3. The case R v. Kirk[13] the principle of non-retroactivity, a measure cannot be taken against anyone, if there isn’t a law that has been published on it, was evoked. Otherwise the plaintiff would have been confronted with an EC Regulation without it’s being published.
  4. In the case Defrenne v. Sabena[14] The EJC ruled for the first time, that Art. 141 EC Treaty was directly applicable to enforce a right of equal pay. The rights of Art. 141 had always been present, the EJC only declared it’s new position. The General Principle of Legitimate Principle limits it though to this point, that this ruling would only apply to future cases, and not act retroactively to past situations, since both producers and employers did not expect it. Through this case the idea of directive effect, limited by legitimate expectation, was induced for the first time by the EJC.

2) The numerous principles underline the procedural rights of the individuals. For a stable legal system it is of great importance, that an individual has a chance of a fair trial. A denial or infringement of those rights could lead to a mistrust against the whole system, on behalf of the citizen. Every member of the European Community should grant their citizens the same procedural rights as the other states. Only through this legal uncertainty can be avoided.

IV. Other Cases

Without question there are a numerous other cases, where general principles of law are applied. To understand the general principles of law the cases above are good examples for their development and use by the European Court of Justice.

E. Conclusion

The General Principles of law are general rules, that support the legal structure. Interesting is , that they all run together in some cases. For example the principle of equality, non-discrimination, and proportionality may be deciding a single case. To understand this structure, the general principles have to be observed in reference to each other. They are general since they have been derived from a history of law, that underlines the principles of democracy and freedom of each person. Therefore the general principles are not prohibitions of the European Courts, but granted freedoms, that are supposed to create a general standard across the European Member States. It also gives member states, and especially individuals the position to protect themselves against acts of the Community.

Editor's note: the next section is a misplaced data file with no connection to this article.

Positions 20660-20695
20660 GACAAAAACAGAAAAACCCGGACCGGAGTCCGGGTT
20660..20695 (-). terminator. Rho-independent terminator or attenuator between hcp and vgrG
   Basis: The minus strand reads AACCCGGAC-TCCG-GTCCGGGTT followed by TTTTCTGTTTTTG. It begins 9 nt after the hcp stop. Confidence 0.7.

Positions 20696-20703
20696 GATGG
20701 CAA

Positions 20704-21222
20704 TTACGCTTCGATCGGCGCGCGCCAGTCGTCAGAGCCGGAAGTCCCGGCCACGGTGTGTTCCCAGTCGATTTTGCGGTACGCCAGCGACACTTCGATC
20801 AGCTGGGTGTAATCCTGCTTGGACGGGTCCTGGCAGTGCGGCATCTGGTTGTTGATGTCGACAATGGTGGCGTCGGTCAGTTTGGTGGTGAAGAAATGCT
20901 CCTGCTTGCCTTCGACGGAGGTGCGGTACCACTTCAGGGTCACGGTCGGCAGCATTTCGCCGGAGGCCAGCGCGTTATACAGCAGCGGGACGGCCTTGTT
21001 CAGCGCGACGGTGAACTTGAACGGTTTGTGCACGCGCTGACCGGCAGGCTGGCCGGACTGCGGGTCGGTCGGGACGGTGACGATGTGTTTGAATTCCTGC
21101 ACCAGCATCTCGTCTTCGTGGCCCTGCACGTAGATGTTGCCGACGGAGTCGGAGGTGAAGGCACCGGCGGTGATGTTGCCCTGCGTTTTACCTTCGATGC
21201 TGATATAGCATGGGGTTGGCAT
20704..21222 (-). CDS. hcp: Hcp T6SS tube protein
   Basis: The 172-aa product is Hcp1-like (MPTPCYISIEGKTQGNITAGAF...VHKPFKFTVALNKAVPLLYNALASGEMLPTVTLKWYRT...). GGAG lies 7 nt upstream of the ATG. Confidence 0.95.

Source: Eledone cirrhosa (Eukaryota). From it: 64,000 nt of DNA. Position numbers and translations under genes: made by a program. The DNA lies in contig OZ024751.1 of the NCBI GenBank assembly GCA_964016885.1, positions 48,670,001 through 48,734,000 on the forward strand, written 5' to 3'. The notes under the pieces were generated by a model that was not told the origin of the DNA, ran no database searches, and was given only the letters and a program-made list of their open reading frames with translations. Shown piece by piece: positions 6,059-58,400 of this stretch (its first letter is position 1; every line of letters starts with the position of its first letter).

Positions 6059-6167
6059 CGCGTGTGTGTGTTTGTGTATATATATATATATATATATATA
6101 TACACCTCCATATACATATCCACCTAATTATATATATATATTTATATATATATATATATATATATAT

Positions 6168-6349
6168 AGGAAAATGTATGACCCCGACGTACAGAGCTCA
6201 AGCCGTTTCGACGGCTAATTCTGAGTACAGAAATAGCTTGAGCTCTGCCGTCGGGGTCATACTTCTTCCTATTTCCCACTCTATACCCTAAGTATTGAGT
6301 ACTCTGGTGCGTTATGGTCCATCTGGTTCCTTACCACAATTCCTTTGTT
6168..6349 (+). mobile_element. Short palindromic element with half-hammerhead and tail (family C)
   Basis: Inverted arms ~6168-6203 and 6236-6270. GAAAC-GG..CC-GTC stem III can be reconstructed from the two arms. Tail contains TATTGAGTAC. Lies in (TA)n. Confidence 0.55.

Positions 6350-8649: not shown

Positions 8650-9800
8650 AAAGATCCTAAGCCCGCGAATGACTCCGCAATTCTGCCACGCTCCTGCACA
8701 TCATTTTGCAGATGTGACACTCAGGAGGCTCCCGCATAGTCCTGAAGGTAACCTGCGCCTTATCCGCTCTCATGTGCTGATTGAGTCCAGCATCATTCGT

What do we have to expect, looking at the future of the European Union in regards to the general principles of law? First of all the different member states will always be on guard to keep a balance of power. Even though the member states have accepted the supremacy of the EJC, the own basic rights must be protected. Since some general principles of law might stand in conflict with those rights, the development must closely be observed by each member. This became obvious in a recent case Kreil vs. Bundesrepublik Deutschland[15], where the EJC ruled, that the German law § 1 Abs. 2 Satz 3 SG n.F. and Art. 12a IV 2 GG violated the regulation 76/207/EWG (Feb. 9th 1976) equal chances of men and women in jobs, and the general principles of non-discrimination of sex and equality, by refusing to admit women to serve the army. Without a question the decision collided with German constitutional law, and was therefore a question of supremacy. Since this was an issue already partly solved by the Maastricht Treaty a further question arose. Does the EJC have competence to intervene with a question of national security? In certain circumstances the EJC does have the right to intervene in such national issues through it’s rulings. Since 01.01.01 women are able to serve in the army. This leaves the question open, if the draft will be abolished in Germany, therefore now colliding with Art. 3 GG (German Constitution). Nevertheless the case shows, that the question of principle law certainly is linked to other problems, that the EJC has to face and solve for all member states. General Principles of Law should only be applied, if there aren’t severe questions of competence involved. On the other hand, the European Union can only function, if it’s supremacy is not questioned in every case that might slightly go out of the bounds of their range of competency. General Principles are made to for the people of the European Union, and if this means giving more supremacy to the EJC, so be it.

 

[1] Mifsud-Bonnici, P. 1
[2] 1991 ECR I-2925 at 41
[3] 1969 E.C.R. 419, [1970] 19 C.M.L.R. 112 (1970)
[4] 1970 E.C.R. 1125, 1134, [1972] C.M.L.R. 255, 283 (1972); BVerfGE 271, [1974] 2 C.M.L.R. 540 (1974) Garrett 1995 p. 172
[5] Solange I 1974; Wincott 1994, 258-59
[6] Wincott 1994, 256; Volcansek 1992, 115-16
[7] 1974 E.C.R. 491, 507, [1974] 2 C.M.L.R. 338, 354 (1974)
[8] 1979 E.C.R. 3727, [1980] 3 C.M.L.R. 42 (1979)
[9] 1962 E.C.R. 501
[10] 130/75 [1976] ECR 1589
[11] 1974 E.C.R. 1063, [1974] 2 C.M.L.R. 459
[12] 1978 E.C.R. 1019, M/H/H p. 24
[13] 1984 E.C.R. 2689, [1984] 3 C.M.L.R. 522; R/M 2.57
[14] 1978 E.C.R. 1365, [1976] 3 C.M.L.R. 312
[15] Case C-285/98